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The Two Triangles: what did Wicksell and Keynes know about macroeconomics that modern economists do not (consider)?

  • Ronny Mazzocchi

    ()

  • Roberto Tamborini

    ()

  • Hans-Michael Trautwein

    ()

The current consensus in macroeconomics, as represented by the New Neoclassical Synthesis, is to work within frameworks that combine intertemporal optimization, imperfect competition and sticky prices. We contrast this “NNS triangle” with a model in the spirit of Wicksell and Keynes that sets the focus on interest-rate misalignments as problems of intertemporal coordination of consumption and production plans in imperfect capital markets. We show that, with minimal deviations from the standard perfect competition model, a model structure can be derived that looks similar to the NNS triangle, but yields substantially different conclusions with regard to the dynamics of inflation and output gaps and to the design of the appropriate rule for monetary policy.

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Paper provided by Department of Economics, University of Trento, Italia in its series Department of Economics Working Papers with number 0906.

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Date of creation: 2009
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Handle: RePEc:trn:utwpde:0906
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  1. Giorgio Primiceri, 2005. "Why Inflation Rose and Fell: Policymakers' Beliefs and US Postwar Stabilization Policy," NBER Working Papers 11147, National Bureau of Economic Research, Inc.
  2. Ben Bernanke & Mark Gertler, 1987. "Financial Fragility and Economic Performance," NBER Working Papers 2318, National Bureau of Economic Research, Inc.
  3. Sims, Christopher A., 2003. "Implications of rational inattention," Journal of Monetary Economics, Elsevier, vol. 50(3), pages 665-690, April.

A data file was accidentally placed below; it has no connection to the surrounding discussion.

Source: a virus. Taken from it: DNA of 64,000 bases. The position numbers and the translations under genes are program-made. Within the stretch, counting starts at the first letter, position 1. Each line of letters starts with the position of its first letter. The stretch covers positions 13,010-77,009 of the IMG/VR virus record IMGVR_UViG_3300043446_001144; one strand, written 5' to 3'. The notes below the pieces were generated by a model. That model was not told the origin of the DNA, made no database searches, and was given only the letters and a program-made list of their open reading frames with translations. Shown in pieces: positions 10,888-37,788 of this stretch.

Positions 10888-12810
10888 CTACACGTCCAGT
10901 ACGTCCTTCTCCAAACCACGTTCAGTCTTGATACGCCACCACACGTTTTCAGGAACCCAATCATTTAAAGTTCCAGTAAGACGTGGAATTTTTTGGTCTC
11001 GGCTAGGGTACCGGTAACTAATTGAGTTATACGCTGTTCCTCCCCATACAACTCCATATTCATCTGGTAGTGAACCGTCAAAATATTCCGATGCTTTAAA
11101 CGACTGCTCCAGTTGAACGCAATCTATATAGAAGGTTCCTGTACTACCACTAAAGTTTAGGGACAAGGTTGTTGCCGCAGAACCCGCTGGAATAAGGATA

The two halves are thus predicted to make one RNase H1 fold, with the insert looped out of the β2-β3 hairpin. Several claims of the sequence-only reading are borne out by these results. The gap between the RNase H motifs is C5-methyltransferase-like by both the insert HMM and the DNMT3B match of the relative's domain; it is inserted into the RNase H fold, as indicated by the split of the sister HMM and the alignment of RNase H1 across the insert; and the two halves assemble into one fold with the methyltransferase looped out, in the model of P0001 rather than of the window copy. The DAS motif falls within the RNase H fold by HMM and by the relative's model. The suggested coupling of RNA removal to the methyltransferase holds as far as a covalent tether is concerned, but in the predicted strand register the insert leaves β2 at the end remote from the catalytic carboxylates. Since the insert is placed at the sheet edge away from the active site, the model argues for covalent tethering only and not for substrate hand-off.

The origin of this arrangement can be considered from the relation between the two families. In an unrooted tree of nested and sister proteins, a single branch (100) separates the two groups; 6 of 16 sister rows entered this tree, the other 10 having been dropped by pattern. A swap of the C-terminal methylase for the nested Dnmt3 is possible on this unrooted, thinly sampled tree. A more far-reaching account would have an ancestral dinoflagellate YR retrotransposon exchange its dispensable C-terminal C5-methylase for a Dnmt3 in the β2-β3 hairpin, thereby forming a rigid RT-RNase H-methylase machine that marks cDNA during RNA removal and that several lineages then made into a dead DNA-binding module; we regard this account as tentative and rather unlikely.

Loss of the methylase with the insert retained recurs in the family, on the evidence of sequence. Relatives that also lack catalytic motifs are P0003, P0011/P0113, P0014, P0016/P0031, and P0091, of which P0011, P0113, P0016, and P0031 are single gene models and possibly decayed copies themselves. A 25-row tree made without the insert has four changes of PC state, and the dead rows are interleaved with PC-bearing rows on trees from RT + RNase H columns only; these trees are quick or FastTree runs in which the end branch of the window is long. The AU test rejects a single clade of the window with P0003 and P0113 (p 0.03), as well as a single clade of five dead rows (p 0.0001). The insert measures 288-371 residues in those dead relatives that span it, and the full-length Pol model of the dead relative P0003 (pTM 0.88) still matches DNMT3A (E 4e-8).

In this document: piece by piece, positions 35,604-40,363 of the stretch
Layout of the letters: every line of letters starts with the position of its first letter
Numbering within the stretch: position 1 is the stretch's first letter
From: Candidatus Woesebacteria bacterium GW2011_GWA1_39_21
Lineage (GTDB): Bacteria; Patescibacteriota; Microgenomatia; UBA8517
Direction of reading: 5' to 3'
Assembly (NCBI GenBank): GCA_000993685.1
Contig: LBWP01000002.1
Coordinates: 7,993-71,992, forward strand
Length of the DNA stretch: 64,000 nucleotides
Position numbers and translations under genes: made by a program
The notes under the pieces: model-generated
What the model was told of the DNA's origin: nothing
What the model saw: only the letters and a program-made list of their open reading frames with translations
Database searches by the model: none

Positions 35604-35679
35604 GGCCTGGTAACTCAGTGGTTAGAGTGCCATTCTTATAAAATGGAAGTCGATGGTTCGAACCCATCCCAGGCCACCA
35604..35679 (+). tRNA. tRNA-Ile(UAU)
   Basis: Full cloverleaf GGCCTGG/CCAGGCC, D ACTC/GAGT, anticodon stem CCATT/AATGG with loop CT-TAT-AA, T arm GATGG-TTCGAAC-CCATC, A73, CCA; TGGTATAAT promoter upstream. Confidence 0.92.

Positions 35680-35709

4. Blanchard, Olivier Jean & Kiyotaki, Nobuhiro, 1987. "Monopolistic Competition and the Effects of Aggregate Demand," American Economic Review, American Economic Association, vol. 77(4), pages 647-66, September.
  5. van der Ploeg, Frederick, 2005. "Back to Keynes?," CEPR Discussion Papers 4897, C.E.P.R. Discussion Papers.
  6. Marvin Goodfriend, 2004. "Monetary policy in the new neoclassical synthesis : a primer," Economic Quarterly, Federal Reserve Bank of Richmond, issue Sum, pages 21-45.
  7. Roberto Tamborini, 2006. "Back to Wicksell? In search of the foundations of practical monetary policy," Department of Economics Working Papers 0602, Department of Economics, University of Trento, Italia.
  8. Laidler, David, 2006. "Woodford and Wicksell on Interest and Prices: The Place of the Pure Credit Economy in the Theory of Monetary Policy," Journal of the History of Economic Thought, Cambridge University Press, vol. 28(02), pages 151-159, June.
  9. Athanasios Orphanides & John C. Williams, 2003. "Robust monetary policy rules with unknown natural rates," Finance and Economics Discussion Series 2003-11, Board of Governors of the Federal Reserve System (U.S.).
  10. Miguel Casares & Bennett T. McCallum, 2000. "An Optimizing IS-LM Framework with Endogenous Investment," NBER Working Papers 7908, National Bureau of Economic Research, Inc.
  11. Dixit, Avinash K & Stiglitz, Joseph E, 1977. "Monopolistic Competition and Optimum Product Diversity," American Economic Review, American Economic Association, vol. 67(3), pages 297-308, June.
  12. Brakman, Steven & Heijdra, Ben J., 2002. "The monopolistic competition revolution in retrospect," CCSO Working Papers 200215, University of Groningen, CCSO Centre for Economic Research.
  13. Howitt, Peter, 1992. "Interest Rate Control and Nonconvergence to Rational Expectations," Journal of Political Economy, University of Chicago Press, vol. 100(4), pages 776-800, August.
  14. Boianovsky, Mauro & Trautwein, Hans-Michael, 2006. "Wicksell after Woodford," Journal of the History of Economic Thought, Cambridge University Press, vol. 28(02), pages 171-185, June.
  15. Olivier Blanchard, 2000. "What Do We Know About Macroeconomics That Fisher And Wicksell Did Not?," The Quarterly Journal of Economics, MIT Press, vol. 115(4), pages 1375-1409, November.
  16. Woodford, Michael, 2006. "Comments on the Symposium on Interest and Prices," Journal of the History of Economic Thought, Cambridge University Press, vol. 28(02), pages 187-198, June.
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